Purdue Profiles: Jeff Ko
September 30, 2014
Dr. Jeff Ko, professor of anesthesiology and pain management in the College of Veterinary Medicine. (Purdue University photo/Kevin Doerr)
Teaching veterinary students the delicate and difficult tasks of administering anesthesia and managing animals' pain is Dr. Jeff Ko's passion.
In fact, everything about veterinary anesthesiology fascinates Ko, who is professor of anesthesiology and pain management in the College of Veterinary Medicine. As an eminent academic and hands-on teacher, Ko helps veterinary students become comfortable administering anesthesia in small, large and exotic animals, and he teaches them how veterinary practices might be useful to human medicine and vice versa.
In a nutshell, what do your students learn about anesthesiology?
I teach veterinary students that anesthesia serves a very specific function: It immobilizes an animal, keeps it unconscious with its muscles relaxed, and keeps it insensitive to pain during surgery, during which its cardiorespiratory stability is maintained. Once the procedure is finished, the animal is recovered rapidly and smoothly returned to its owners.
Anesthesiology involves pain management before, during and after surgery to ensure the animal’s comfort. It is also my job to teach our veterinary students how to properly and humanely euthanize animals when necessary. I also serve as a resource when our veterinary practitioners need to consult an anesthesiologist in challenging cases.
What classes do you teach in the College of Veterinary Medicine?
I teach anesthesia courses to veterinary students, interns and residents.
To fourth-year veterinary students, I teach a clinical anesthesia course. Through this course, under our anesthesia team's direct supervision, our senior students provide services with attending clinicians in the Small Animal Hospital and Large Animal Hospital.
I also teach a class to veterinary graduate students called Animal Model of Translational Research. This class helps give our graduate students, who are professional veterinarians, a better idea about how veterinary medicine can serve as a model for human medicine and vice versa. Specifically, the class explores how veterinarians might use their specific skills and knowledge to collaborate with human medical providers to pursue this goal.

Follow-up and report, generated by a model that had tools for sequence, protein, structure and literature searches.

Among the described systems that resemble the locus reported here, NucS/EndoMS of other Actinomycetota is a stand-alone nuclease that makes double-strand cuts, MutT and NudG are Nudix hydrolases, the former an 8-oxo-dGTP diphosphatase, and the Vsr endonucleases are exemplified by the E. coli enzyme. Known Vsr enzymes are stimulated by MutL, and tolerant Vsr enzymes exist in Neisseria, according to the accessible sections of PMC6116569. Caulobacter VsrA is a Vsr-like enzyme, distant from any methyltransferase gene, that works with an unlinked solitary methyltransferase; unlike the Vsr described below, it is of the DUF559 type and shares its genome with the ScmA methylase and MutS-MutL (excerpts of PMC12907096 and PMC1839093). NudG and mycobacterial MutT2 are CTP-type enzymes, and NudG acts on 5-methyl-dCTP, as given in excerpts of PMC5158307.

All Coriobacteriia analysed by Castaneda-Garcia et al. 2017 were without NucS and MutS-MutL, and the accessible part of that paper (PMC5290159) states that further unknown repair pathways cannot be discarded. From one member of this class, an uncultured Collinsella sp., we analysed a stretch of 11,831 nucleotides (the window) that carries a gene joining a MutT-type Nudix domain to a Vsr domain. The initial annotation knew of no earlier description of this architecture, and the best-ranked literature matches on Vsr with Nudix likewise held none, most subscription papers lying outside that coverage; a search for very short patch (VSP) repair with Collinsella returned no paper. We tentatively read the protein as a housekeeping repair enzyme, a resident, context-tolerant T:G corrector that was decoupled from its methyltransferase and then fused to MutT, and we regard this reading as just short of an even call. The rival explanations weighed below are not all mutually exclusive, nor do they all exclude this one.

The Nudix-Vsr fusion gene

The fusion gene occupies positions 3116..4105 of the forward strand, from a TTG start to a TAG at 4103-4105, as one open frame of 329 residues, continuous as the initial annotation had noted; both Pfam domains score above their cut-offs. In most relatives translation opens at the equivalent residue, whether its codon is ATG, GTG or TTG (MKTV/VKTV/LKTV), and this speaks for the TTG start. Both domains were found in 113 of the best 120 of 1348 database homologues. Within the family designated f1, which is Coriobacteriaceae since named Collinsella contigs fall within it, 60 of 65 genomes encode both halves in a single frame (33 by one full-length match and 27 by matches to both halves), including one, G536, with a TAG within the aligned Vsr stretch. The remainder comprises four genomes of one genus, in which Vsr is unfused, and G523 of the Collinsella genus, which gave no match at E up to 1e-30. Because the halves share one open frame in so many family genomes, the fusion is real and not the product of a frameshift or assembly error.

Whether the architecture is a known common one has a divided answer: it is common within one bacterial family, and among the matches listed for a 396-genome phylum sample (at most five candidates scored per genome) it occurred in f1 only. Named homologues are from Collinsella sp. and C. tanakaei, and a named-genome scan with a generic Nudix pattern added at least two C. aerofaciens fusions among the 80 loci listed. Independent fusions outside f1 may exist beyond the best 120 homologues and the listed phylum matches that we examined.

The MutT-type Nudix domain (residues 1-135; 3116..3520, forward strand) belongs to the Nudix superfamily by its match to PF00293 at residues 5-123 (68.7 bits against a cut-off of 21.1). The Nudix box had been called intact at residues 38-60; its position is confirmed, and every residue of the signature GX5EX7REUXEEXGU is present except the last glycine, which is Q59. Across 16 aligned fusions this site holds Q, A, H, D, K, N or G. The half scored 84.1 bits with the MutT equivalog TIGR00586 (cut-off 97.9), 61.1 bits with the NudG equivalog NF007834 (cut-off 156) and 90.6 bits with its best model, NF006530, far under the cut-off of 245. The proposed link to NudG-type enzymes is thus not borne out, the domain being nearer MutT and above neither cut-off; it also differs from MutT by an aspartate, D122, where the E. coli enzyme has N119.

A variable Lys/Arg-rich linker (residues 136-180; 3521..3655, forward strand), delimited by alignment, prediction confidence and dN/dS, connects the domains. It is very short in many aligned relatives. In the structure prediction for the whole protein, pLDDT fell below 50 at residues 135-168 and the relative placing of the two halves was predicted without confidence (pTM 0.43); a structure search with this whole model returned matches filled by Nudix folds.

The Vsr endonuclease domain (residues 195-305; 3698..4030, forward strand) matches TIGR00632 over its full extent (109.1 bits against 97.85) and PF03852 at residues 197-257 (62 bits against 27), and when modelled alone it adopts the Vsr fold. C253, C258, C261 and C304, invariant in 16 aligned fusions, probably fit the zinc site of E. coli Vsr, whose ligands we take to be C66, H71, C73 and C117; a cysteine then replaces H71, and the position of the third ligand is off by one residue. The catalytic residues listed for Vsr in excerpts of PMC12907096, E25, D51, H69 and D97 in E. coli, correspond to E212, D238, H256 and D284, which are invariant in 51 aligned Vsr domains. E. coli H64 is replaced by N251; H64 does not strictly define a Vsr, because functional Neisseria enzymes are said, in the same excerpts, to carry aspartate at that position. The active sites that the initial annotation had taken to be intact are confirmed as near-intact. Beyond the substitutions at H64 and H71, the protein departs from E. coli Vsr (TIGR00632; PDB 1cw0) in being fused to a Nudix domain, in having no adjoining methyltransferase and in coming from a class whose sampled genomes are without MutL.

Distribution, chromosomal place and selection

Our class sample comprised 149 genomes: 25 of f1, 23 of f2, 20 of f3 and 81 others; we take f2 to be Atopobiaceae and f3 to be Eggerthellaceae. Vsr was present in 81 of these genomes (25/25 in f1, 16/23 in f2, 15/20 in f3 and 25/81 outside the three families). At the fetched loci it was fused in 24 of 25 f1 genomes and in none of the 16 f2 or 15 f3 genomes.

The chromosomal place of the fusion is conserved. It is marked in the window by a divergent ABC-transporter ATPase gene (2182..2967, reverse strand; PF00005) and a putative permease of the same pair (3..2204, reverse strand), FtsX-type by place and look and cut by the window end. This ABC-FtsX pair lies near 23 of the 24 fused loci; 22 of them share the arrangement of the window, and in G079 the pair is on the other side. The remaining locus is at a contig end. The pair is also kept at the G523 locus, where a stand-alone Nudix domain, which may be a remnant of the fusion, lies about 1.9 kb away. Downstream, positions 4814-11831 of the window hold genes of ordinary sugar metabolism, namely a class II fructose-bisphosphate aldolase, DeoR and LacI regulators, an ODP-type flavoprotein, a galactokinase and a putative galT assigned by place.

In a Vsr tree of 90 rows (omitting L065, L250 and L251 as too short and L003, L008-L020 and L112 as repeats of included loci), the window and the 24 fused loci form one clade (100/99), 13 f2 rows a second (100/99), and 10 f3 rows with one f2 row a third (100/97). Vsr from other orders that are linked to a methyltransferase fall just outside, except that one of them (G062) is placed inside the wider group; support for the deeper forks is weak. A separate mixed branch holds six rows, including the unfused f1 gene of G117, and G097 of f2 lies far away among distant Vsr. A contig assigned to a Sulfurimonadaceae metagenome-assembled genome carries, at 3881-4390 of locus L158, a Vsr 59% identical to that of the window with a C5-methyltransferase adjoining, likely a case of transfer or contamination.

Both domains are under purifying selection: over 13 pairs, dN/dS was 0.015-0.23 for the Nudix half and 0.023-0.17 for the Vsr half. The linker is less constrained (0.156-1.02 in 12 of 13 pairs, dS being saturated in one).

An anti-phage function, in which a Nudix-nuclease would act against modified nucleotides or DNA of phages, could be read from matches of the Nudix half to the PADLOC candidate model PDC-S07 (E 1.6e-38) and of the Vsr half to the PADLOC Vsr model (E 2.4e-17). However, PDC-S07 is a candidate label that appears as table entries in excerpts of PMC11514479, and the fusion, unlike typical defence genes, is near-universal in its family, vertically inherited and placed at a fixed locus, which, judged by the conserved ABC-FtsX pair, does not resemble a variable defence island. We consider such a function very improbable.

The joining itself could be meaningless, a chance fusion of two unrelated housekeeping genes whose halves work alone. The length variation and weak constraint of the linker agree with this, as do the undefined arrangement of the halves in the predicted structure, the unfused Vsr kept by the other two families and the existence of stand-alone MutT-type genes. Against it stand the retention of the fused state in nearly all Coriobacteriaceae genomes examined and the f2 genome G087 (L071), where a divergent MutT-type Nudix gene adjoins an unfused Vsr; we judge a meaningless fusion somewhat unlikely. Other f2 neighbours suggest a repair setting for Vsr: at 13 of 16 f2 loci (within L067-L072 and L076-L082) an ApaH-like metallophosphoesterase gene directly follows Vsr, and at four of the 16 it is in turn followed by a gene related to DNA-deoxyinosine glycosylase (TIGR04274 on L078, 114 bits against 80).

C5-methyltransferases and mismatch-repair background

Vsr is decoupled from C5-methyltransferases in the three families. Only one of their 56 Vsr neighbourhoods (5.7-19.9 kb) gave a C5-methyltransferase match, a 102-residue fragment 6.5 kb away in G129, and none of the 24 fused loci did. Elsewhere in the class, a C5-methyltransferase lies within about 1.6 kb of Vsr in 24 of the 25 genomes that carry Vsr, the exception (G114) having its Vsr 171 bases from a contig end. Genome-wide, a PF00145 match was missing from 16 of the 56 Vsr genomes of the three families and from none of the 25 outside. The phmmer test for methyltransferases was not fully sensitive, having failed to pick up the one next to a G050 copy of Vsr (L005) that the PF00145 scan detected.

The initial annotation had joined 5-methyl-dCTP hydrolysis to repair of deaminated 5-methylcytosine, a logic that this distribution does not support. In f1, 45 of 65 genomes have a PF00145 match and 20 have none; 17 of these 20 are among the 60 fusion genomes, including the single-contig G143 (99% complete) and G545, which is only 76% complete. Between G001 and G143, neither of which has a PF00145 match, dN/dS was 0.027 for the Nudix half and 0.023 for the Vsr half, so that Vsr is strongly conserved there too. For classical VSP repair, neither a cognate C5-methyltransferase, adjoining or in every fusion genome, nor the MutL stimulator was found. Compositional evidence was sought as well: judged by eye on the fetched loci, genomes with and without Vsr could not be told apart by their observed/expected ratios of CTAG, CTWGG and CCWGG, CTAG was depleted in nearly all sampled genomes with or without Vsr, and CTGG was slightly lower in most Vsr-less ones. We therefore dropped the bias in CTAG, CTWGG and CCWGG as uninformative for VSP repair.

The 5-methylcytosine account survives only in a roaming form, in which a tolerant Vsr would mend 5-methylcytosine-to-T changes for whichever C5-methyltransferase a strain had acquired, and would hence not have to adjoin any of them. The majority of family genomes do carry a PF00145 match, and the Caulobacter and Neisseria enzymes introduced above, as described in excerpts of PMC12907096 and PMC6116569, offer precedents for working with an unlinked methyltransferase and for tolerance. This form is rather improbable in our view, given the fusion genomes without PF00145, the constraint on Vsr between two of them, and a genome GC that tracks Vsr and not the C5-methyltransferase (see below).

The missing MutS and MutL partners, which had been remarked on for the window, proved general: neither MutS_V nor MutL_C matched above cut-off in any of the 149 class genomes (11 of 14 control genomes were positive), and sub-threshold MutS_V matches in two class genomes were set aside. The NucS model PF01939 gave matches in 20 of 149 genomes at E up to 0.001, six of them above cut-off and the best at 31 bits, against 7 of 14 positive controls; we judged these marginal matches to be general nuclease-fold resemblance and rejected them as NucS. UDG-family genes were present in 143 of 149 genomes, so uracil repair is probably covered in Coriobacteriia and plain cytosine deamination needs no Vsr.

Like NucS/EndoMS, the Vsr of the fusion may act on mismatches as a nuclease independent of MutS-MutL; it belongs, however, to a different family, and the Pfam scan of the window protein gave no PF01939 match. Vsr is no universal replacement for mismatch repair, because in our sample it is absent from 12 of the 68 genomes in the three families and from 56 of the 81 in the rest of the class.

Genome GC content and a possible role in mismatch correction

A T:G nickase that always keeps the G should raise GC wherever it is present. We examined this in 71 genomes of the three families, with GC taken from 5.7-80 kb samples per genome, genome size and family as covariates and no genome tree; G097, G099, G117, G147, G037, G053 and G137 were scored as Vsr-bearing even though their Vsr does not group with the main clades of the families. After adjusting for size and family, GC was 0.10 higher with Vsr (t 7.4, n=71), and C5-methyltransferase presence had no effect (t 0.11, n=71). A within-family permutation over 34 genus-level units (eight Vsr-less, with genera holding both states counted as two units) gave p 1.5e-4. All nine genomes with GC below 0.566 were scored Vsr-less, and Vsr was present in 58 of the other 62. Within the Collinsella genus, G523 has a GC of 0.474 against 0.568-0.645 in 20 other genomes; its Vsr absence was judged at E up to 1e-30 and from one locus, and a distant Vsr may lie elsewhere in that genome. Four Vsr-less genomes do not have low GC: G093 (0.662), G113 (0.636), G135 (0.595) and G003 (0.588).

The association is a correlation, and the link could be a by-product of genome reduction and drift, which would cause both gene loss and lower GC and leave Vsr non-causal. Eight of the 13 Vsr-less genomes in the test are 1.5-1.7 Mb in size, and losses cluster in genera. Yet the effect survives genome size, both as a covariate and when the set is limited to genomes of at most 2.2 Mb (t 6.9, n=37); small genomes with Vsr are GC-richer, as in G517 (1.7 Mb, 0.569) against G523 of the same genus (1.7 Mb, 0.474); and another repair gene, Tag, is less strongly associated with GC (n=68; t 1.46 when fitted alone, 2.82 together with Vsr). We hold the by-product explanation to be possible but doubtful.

What is an example of translational medicine?
One example of translational medicine that I use in class involves a human anesthesiologist who uses lasers to treat his patients' chronic pain.
The doctor wanted to know if this device could be used to help animals with similar chronic pain, so right now the Teaching Hospital is conducting a clinical trial involving two dogs. This particular trial is very promising, because with a single treatment, both dogs' pain conditions have been greatly relieved . They've both been off chronic pain medication for the past six months. This is an ongoing study, and while more dogs will be recruited to participate, a similar treatment will be used to treat horses with chronic pain.
In the class, I emphasize using veterinary medicine as a model for human medicine, but as this example illustrates, the reverse can be true, particularly if something may or may not work for humans but can be viable for animals. My graduate students are encouraged to come up with their own models of how the different branches of medicine can work together.
Translational medicine is a very broad concept with a lot of implications, including creating life-saving treatments for humans and animals.
How did you become interested in veterinary anesthesia?
I've always found veterinary anesthesia fascinating because it's very acute, meaning that its effects become clear in just minutes. Also, anesthesiology is a very involved job from a clinical perspective. It requires keeping the animal’s cardiorespiratory system stable throughout surgery and managing their pain all the way through. This can be a complex but rewarding task. Recently, our anesthesia section has collectively summarized this information and published a textbook called "Small Animal Anesthesia and Pain Management" to benefit veterinary professionals around the world.
Another fascinating thing about anesthesia is that, despite the fact that it's so widely used, scientists still know very little about how it works. We don't know why it causes patients to fall asleep, stay asleep during surgery and then awake with no memory of the procedure -- it's like freezing time, essentially. The research questions in this field are vast, and that intrigues me.
What's a key thing you teach your students about anesthesia?
I want my students to understand that, because there are so many things that are unknown and unpredictable, anesthesia can be very dangerous. I want them to be comfortable administering it, but I don't want them to be fearless. They need to prepare for when something acute happens.
I tell them that they need to balance competency with quick-thinking skillfulness, because you never know when an animal is going to have an adverse reaction. If that happens to one of their patients, they need to know how to react and treat the patient properly.
There's nothing more rewarding to me than when I see a student became a confident, skilled and conscientious practitioner of veterinary medicine, including anesthesiology.
Writer: Amanda Hamon Kunz, 49-61325, email@example.com